A chick looks upside down as his sibling flap-walks, 2 June 2021 (photo by Charity Kheshgi)

From our vantage point at the tent, the rooftop equipment nearly obscured Morela on the lightning rod. Can you see her?

Adult on the lightning rod, almost obscured from this angle (photo by John English)

We moved to the lawn for a better look. Then I got talking … (That’s me on the far left.)

Last night all four chicks slept in the nestbox …

… and were raring to go this morning!

Raring to go on Thursday morning, 3 June 2021 (photo from the National Aviary falconcam at Univ of Pittsburgh)

The last one perches near the exit ramp. It won’t be long now.

Last chick at the nest, 3 June 2021, 7:49am (photo from the National Aviary falconcam at Univ of Pittsburgh)

Stop by Schenley Plaza between the raindrops to watch the peregrines. Keep looking up!

(photos by Charity Kheshgi and John English)

Someone Will Probably Fledge Today

Three peregrine chicks on the nestrail, 1 June 2021, 4:05pm (photo by Kate St. John)

2 June 2021

As of yesterday afternoon, three of the four Pitt peregrine chicks had walked off camera. At 4pm I counted heads from Schenley Plaza using my scope and cellphone (viewing live snapshots of the nest). 3 on the nestrail + 1 in the nest = no one was in the gully under the nest, and no one had flown.

Later they flap-walked along the railing. Here’s one in the middle.

Morela watched from the lightning rod.

Morela on the lightning rod, watching the chicks from above, 1 June 2021, 5pm (photo by Kate St. John)

How do I know it’s Morela? For the past week or two she’s had a feather sticking out on her right shoulder. It may have been dinged in an aerial battle similar to E2’s wing gap in May 2012. Morela will eventually molt out the bent feather but in the meantime it’ll be easy to identify her at Fledge Watch.

When you come to Schenley Plaza to see the peregrine chicks, here’s where to look at the Cathedral of Learning.

  • The tall pole on top of the building is a lightning rod with four triangular antennas. If there’s a dot on one of the antennas it’s a peregrine.
  • The nestrail is the low wall with 5 cutouts. Chicks flap-walk on top of the nestrail and may flatten themselves to nap (then they’re hard to see). Look on top of the nestrail and inside the cutouts for peregrine chicks.
South face of Cathedral of Learning, Forbes Avenue side (photo by Kate St. John)

What happens next?

  • There’s usually a two day gap between first chick on the nestrail (31 May) and first flight. That means first flight could be today, 2 June.
  • The nestrail chicks go back and forth to the nest at will. Last evening their parents fed them at the nest and all four slept there last night.
  • The chicks will return to the nest as long as their parents deliver food to it. Nest food deliveries will cease after all four have flown.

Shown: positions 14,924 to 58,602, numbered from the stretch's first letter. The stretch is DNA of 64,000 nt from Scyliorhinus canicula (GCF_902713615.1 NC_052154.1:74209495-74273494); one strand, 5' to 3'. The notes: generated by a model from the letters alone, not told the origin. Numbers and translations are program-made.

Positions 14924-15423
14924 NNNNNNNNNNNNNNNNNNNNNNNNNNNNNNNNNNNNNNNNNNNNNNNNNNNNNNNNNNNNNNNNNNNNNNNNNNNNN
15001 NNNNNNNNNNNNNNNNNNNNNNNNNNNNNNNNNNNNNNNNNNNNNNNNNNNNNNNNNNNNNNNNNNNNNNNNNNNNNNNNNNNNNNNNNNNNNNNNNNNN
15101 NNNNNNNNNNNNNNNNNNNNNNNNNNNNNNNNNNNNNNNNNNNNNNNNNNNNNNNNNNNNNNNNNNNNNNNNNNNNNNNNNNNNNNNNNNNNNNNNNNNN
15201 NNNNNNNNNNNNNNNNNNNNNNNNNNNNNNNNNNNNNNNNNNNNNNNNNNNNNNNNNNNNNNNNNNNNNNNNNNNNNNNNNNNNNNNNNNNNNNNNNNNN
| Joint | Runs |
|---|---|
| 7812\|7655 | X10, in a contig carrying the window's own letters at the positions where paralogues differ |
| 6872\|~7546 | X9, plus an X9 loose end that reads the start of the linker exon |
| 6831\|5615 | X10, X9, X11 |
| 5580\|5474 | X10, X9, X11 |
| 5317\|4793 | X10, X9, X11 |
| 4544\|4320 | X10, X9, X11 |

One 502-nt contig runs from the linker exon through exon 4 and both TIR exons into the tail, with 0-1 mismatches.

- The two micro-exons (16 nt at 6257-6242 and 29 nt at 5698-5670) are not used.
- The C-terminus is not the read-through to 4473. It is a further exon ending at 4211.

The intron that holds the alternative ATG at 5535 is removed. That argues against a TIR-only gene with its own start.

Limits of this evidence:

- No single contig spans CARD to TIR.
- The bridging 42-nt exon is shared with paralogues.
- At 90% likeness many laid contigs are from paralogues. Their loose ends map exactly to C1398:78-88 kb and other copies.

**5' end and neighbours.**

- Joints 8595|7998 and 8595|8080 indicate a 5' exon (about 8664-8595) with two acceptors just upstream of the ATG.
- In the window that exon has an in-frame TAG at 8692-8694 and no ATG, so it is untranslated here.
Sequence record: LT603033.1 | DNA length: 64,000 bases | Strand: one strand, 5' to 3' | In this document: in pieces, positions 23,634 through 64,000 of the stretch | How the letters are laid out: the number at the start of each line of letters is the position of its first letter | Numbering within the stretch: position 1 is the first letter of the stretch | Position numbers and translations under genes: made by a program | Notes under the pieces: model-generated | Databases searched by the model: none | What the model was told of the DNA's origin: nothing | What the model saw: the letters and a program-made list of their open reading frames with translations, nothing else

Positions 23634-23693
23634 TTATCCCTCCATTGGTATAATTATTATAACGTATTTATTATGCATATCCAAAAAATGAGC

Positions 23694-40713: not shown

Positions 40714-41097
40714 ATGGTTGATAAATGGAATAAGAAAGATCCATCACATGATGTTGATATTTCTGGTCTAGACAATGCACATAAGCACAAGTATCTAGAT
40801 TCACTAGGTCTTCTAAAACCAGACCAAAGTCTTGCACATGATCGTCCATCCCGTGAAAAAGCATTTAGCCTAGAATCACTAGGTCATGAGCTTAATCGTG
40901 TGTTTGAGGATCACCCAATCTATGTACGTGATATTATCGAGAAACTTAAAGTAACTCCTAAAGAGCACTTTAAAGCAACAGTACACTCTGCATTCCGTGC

Don’t forget Fledge Watch at Schenley Plaza, June 2,4,6, 11:30a-1p. Someone will probably fledge today.

(photos by Kate St. John and from the National Aviary falconcam at Univ of Pittsburgh)

Peregrine News from Other Nests, 1 June

Two of three chicks at Tarentum Bridge, 30 May 2021 (photo by Dave Brooke)

1 June 2021

It’s All Peregrines All The Time with news from three other peregrine nests in the Pittsburgh area.

Allegheny River, Tarentum Bridge:

The chicks at the Tarentum Bridge are more advanced (older) than any other nest we’ve been monitoring, close to a week older than the Pitt peregrines. When Dave Brooke stopped by to see them on Sunday 30 May he found only two of three. His photo above is a screenshot from the video he mentions in email below. See Dave’s video here.

I only saw 2 young ones today. Perhaps the other fledged. You can’t hear it in this video, but the reason they are looking up is one of their parents was flying overhead calling.

— email from Dave Brooke, 30 May 2021

Monongahela Watershed: Westinghouse Bridge

Adult flying in to the Westinghouse Bridge, 28 May 2021 (photo by Dana Nesiti)

Dana Nesiti stopped by the Westinghouse Bridge on Friday 28 May and saw four members of the peregrine family. The adults flew together and perched on the bridge, then two youngsters peeked out of the nest area. The chicks appear to be close in age to the Pitt peregrines.

Adults flying together, Westinghouse Bridge, 28 May 2021 (photo by Dana Nesiti)
Female peregrine at Westinghouse Bridge, 28 May 2021 (photo by Dana Nesiti)
Unbanded male peregrine at Westinghouse Bridge, 28 May 2021 (photo by Dana Nesiti)
One of two chicks to make an appearance at Westinghouse Bridge, 28 May 2021 (photo by Dana Nesiti)
The other chick at Westinghouse Bridge, 28 May 2021 (photo by Dana Nesiti)

Downtown Pittsburgh:

Two adult peregrines perched at Lawrence Hall, 30 May 2021 (photo by Jeff Cieslak)

On Sunday afternoon 30 May four of us met on Third Avenue to view the Downtown peregrine family. Jeff Cieslak and his wife arrived from Mt. Washington where Jeff photographed three chicks and one adult during a feeding. John English and I could hear that feeding but saw nothing.

Three youngsters at the Third Avenue nest, Downtown Pittsburgh, 30 May 2021 (photo by Jeff Cieslak)
Adult feeds a youngster at the Third Avenue nest, Downtown Pittsburgh, 30 May 2021 (photo by Jeff Cieslak)

Eventually I noticed one adult on the gargoyle at Lawrence Hall (photo above)) and Jeff’s wife saw the second one on a window ledge. The windowsill peregrine appears to be Dori.

Adult male at Lawrence Hall, 30 May 2021 (photo by Jeff Cieslak)
Dori dozes at Lawrence Hall, 30 May 2021 (photo by Jeff Cieslak)

At Pitt the young peregrines are so restless that one walked off the nest — and back again — yesterday afternoon. Visit Schenley Plaza any time this week to see them fledge. I’ll be there for Fledge Watch on June 2, 4, 6, 11:30a-1:00p. The watch is weather-dependent. If it’s pouring or thundering the Watch will be canceled.